The eastern equatorial warming of the Pacific Ocean, referred to as El Niño, has had a devastating impact on coral reefs.
Researchers discovered that the 2016 rise in sea surface temperatures has caused widespread coral bleaching and extensive coral death in shallow water reef habitats.
The University of Exeter team study focused its investigation in the southern Maldives.
“The most alarming aspect of this coral die-off event is that it has led to a rapid and very large decline in the growth rate of the reefs,” said professor Chris Perry.
The academic explained that this has major implications not only for the capacity of these reefs to match any increases in sea-level, but is also likely to lead to a loss of the surface structure of the reefs that is so critical for supporting fish species, diversity and abundance.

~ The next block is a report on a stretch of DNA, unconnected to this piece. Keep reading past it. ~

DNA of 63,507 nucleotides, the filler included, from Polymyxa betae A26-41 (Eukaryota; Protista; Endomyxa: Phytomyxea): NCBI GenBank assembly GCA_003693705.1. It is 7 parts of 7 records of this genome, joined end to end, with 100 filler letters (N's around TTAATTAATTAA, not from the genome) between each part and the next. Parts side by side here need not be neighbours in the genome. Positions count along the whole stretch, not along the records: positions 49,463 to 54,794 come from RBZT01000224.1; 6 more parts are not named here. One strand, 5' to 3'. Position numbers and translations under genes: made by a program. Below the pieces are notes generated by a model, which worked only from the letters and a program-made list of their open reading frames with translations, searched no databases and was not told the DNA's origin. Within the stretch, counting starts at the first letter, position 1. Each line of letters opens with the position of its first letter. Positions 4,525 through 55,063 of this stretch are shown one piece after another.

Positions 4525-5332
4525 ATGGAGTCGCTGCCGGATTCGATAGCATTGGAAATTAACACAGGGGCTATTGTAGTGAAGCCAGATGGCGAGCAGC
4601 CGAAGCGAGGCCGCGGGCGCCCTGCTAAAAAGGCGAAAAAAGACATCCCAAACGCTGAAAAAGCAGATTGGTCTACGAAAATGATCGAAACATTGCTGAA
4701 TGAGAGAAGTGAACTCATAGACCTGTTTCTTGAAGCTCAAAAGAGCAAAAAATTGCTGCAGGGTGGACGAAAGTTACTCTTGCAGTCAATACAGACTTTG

The abundance of different species along the 3-dimensional surface of the reefs was examined and compared to previous assessments in replicate locations.
The ‘carbonate budget’ (the rate at which corals produce carbonate in relation to the rate it is removed) influences how fast a reef can grow.
The researchers discovered a major decline in this, averaging at a staggering 157 per cent.
Parrotfish, who feed on coral, were found to be eroding the reef at an increased rate since this mass die-off event, meaning the structure of the reef is eroding faster than it is growing.
“A very major concern now is how quickly these reefs might recover. Recovery from similar past disturbances in the Maldives have taken 10–15 years, but major bleaching events are predicted to become far more frequent than this,” said Perry.